I intended to write this in Starbucks. I came up with the title before I reached there. It was closed. Starbucks closed? At 20:05? I know I was here on a Saturday at this time. The internet says it closes at 21:00. Hmmm. Screw you Starbucks. I will keep my title regardless. I go next door to an Italian Gelato and Coffee shop. I have no idea of its name. I know it is on the corner of Chestnut & State. It is right around the corner from “the meeting.”
I did not want to leave the house. I did not want to go to a meeting. I did not want to go yesterday, and I did not. If I do not go today, I am creating a habit. A habit that leads to drinking. I was going to go to my usual club, but I couldn’t face it. I drove downtown. I love coming into the city at night. It’s a beautiful city, with all the buildings lit up.
As I neared the location of the meeting in the car, I was taken back to last Saturday. I had come downtown to go to this meeting, and as I passed the building where the meeting is held, I kept driving, turned back on myself, and stopped at a liquor store a couple of blocks away. I bought a six pack (and had it and three more at home). That was the last time I drank. One week down. My record is seventeen months. I found that easy. I don’t know why it’s so hard this time. They say alcoholism is progressive, and they are right. Judging from this past year.
It feels as if every bar, store, and club in Chicago, holds drunken memories for me. The liquor store in which I bought last weeks booze, was where I bought my friend a bottle of champagne the day she got married. I brought it back across the street to the bar we were hanging out in, which has changed hands and is different now. That bar was where she and I were doing a Riverdance impression back in 2004, trying to convince Americans that we were part of the troup, ending in me breaking my wrist. Beside the store is a late bar I’ve been in a few times. So when I got out of the car, I immediately saw three places mere feet away that I was able to recall some ridiculousness.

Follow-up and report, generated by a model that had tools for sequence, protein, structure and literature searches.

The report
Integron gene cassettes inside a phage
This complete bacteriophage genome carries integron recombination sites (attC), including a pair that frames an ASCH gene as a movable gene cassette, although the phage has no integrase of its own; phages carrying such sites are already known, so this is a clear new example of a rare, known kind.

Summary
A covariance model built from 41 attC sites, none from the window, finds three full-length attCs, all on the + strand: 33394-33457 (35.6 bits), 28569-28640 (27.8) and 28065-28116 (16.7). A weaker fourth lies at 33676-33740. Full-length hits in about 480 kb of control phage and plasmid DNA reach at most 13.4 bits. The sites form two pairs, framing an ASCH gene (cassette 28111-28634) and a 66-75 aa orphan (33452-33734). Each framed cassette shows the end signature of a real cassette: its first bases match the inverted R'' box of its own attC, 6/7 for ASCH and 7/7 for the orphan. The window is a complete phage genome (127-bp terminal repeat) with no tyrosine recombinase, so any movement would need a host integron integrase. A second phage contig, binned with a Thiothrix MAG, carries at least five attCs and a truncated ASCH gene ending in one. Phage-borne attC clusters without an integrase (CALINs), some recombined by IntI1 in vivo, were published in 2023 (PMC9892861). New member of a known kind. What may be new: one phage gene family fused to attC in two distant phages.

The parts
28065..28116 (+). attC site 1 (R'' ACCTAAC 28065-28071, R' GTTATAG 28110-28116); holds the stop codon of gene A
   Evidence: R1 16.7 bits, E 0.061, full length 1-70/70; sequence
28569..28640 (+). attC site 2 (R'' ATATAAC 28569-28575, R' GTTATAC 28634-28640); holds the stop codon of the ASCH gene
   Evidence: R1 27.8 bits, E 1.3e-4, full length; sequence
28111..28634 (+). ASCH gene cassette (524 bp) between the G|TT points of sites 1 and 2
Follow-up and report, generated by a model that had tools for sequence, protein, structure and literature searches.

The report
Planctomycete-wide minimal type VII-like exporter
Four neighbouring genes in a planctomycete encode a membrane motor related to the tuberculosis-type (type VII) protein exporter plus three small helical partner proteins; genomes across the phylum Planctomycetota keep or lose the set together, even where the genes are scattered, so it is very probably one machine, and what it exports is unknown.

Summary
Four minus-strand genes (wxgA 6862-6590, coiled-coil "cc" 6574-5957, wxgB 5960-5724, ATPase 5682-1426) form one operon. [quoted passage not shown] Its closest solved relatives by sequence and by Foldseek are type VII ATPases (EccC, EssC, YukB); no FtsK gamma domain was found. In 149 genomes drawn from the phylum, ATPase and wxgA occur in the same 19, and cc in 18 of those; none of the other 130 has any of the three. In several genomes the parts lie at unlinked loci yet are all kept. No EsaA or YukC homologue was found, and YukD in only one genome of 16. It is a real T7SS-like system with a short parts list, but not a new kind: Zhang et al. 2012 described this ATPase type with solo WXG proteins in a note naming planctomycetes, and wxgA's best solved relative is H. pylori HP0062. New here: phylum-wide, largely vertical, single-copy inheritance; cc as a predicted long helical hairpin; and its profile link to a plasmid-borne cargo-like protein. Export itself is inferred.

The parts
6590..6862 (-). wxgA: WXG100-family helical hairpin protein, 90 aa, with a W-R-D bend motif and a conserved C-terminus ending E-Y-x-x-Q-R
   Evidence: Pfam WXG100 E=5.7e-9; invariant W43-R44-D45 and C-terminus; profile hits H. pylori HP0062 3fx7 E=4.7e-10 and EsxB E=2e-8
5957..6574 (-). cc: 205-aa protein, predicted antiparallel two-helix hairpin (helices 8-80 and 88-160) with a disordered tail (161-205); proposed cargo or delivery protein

Back to the present, as I stare out the window of the café. We are in the heart of downtown (drunk town) Chicago. Many of my old haunts are nearby. So is the hospital I have ended up in so many times, after drinking and doing bad things. Tonight I will not join those outside, all dressed up, the girls plastered in make-up, hoping to hook-up perhaps. God, it’s all so tiring. The thought of it makes me want to be home, with my husband and kids.
Sometimes, weeks, days, moments earlier than these thoughts, I might wish I was with them. To feel a sense of youth, of freedom. But it is not freedom. I am a slave to a most powerful master. He goes by many names: Makers Mark; Root 1; Blue Moon. Even Irish Car Bombs, those disgusting concoctions, have been on the menu within the last several months.
The car bombs were dared upon me by strangers in a bar. I’m not one to pass up a challenge. Of course I can drink two foreign men under the table. Ha. I’m foreign too. Even more fun. Three foreigners from different continents, competing in a futile test of alcoholic strength. An Indian – they’re shit drinkers, right? No. I was in treatment with an Indian guy. He could drink for sure. How about the Kiwi? They’re probably great drinkers. Sure half of them are Irish anyway. I’m pretty sure their weather is wet and windy, just like home. Isn’t that half the reason us Paddies are such drunks? It doesn’t matter now. I am Irish. I am American. I can kick their asses. Tonight I will not drink. One day at a time. That night I ended up in the hospital. Tonight I will sleep in my own bed.